Tag Archives: VHF


Posted in Ask the Expert, Cut the Cord | Comments Off on The Cord Cutters Conundrum: Which TV Antenna Is Right For Me?

The Cord Cutters Conundrum: Which TV Antenna Is Right For Me?

TV antenna selection is more than simply imputing a zip code on a website, that’s why we have created this guide to help ease the process. Unfortunately, there is no one size fits all solution. To correctly select a TV antenna, we need some basic information about your location, then follow some important installation notes. Let’s begin.

Locate your digital television transmitters

It is important to know where your local broadcast towers are located, as there are many factors that may potentially impede your signal. TV antennas are a line of sight technology, which means getting the clearest view of your towers will bring in the strongest signal.

Learning how far away from the broadcast transmitters you are will help you decide how powerful the TV antenna will need to be. However local obstructions, installation hardware and antenna positioning are important factors in antenna selection.

This said, it is generally preferable to install your antenna as high as possible, pointed in the direction of the broadcast towers, and outdoors with as few obstructions as possible.


Using the Antenna Point tool, enter your street address and zip code to get detailed map listing distance, and direction of your local transmitters. Here you can see if the towers are located as a cluster in 1 location – like New York, Chicago, and Los Angeles – or if you will require a multi-directional antenna to receive signals from many locations.


While the majority of channels in North America are broadcast on the UHF, there may be some in your area broadcast on the VHF. This means a VHF kit may be required with your TV antenna. If the VHF channel is broadcast on a lower frequency (RF Channel 2-6) you will need a specific outdoor antenna that can receive these Lo-VHF channels. Lo-VHF is very rare but they are still out there!


The topography (or lay of the land) between your address and the transmitters may vary greatly. Obstructions such as trees, buildings or mountains may degrade or block the signal traveling to your location. Use the satellite view with the interactive map in your analysis to determine the local topography for your antenna installation. Should you encounter many obstructions, an outdoor TV antenna mounted as high as possible is usually advisable.



Outdoor installation is best, but Antennas Direct antennas can also be installed indoors or in attics. (50% strength/range is lost indoors).

Simple, direct connections and installations are best. The more junctions in the installation, the higher the signal loss.

Each time the signal is split (to go to another TV) signal strength is reduced, so a low-noise amplifier may be needed to help compensate for the signal reduction.

Install the antenna where signal is “present”. Move the antenna to different locations until signals are found. Many times one end of the roof or room has better signal characteristics than the others.

Ask for help
If you are not sure which TV antenna is right for you we have a dedicated team of installation experts that will gladly assist with selection, or recommend a local installer to help you get set up.

Call: 1-877-825-5572                         Chat: Live Chat                              Mail: info@antennasdirect.com


Read More: A Cord Cutter Tells All: 6 Steps to TV Freedom




Posted in Antenna Update, Cut the Cord | Comments

A Real American Hero: Mr. Antenna Guy

mr. antenna 2

So he may not be pulling children from wreckage or curing disease, but, each day, Mr. Antenna tangibly improves the financial, mental and spiritual well-being of his neighbors – he installs an antenna on their home. We would like to take this moment to recognize a true American hero: the Mr. Antenna guy in Bakersfield.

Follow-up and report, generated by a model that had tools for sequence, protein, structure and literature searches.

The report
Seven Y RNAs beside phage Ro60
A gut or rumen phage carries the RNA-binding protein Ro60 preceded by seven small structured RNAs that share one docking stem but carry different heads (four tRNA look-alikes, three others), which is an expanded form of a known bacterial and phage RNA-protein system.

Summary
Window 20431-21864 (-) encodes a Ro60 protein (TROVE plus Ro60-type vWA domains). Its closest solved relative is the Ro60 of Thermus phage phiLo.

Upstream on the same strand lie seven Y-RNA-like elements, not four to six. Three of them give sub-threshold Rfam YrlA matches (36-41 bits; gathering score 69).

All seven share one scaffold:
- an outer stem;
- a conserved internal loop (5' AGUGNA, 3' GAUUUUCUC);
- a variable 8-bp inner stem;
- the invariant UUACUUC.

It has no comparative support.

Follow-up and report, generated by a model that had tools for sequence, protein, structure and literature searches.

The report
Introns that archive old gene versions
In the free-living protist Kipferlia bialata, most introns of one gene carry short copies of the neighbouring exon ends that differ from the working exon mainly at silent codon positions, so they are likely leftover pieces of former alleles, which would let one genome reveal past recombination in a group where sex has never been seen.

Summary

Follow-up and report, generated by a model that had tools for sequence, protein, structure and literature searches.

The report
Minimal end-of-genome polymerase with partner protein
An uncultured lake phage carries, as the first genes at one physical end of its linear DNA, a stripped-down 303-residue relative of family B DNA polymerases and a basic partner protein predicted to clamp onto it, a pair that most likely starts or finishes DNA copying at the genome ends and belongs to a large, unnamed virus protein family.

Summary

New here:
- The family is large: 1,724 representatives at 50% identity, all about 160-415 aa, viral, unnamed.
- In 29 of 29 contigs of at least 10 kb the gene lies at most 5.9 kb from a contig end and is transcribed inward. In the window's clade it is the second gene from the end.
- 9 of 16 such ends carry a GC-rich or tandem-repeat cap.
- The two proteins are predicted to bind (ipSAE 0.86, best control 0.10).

See him in action thanks to ABC 23:

Keep fighting the good fight, comrade. We are honored to have you on the frontlines of the cable liberation front.

See more coverage of our hero here  and here.


Posted in Antenna Update | Comments

ClearStream 5 Antenna Tested and Approved by TV Technology

An editor of TV Technology, James E. O’Neal describes a story that is similar to many of our customers. He was looking for a high power, easy to assemble antenna that would provide clear reception for channels that broadcast in high VHF that may be more than 65+ miles away.

Our ClearStream 5 High Gain VHF Antenna was up to O’Neal’s challenge in his country home outside of Washington DC. Here is how he describes his experience from the antenna installation to performance:

The C5 consists of two pieces—a more or less rectangular “loop” with a small box at the bottom sporting an output connector. The other member is similar to the “loop” but is in the form of a sideways “H” affixed to a mesh element that is obviously a reflector, but one that seems more in keeping with what you’d find on a UHF bowtie rig. The hardware supplied consisted of screws, washers, spacers, and U-bolts for mast mounting. There was also a V/U combiner (diplexer) in a nice weatherproof enclosure.


ClearStream 5 Featured on TV Technology

I parked it on the den floor, and with just a little tweaking and shimming, the game reappeared—solid as a rock. The height AGL was now only about three feet. This is one remarkable antenna.

Rather than retreat to the attic, I left the unit on the floor and viewed the remainder of the game. When it ended (my college team won), I uncabled things and journeyed to the attic hatchway. On a hunch, I elected not to take the C5 apart, and found that it easily fit through the 23×29-inch hatch opening.

The C5 is now mounted alongside my bow-tie array and performs very nicely.

Read the full article about the ClearStream 5 from TVTechnology.com.
Thanks for the glowing review Mr. O’Neal. We hope you enjoy the C5 and those VHF channels for years to come.

Posted in Ask the Expert | Comments

Help Receiving VHF Television Channels

I’ve installed the Clearstream2 antenna and aimed toward the broadcast towers. I receive most of the local stations except two. I’m most concerned about the local ABC affiliate. I should be able to receive its signal. According to their site they boosted their signal and range a few months ago to the maximum range & signal strength allowed by the FCC. What can I do? From Goody in Mustang, Oklahoma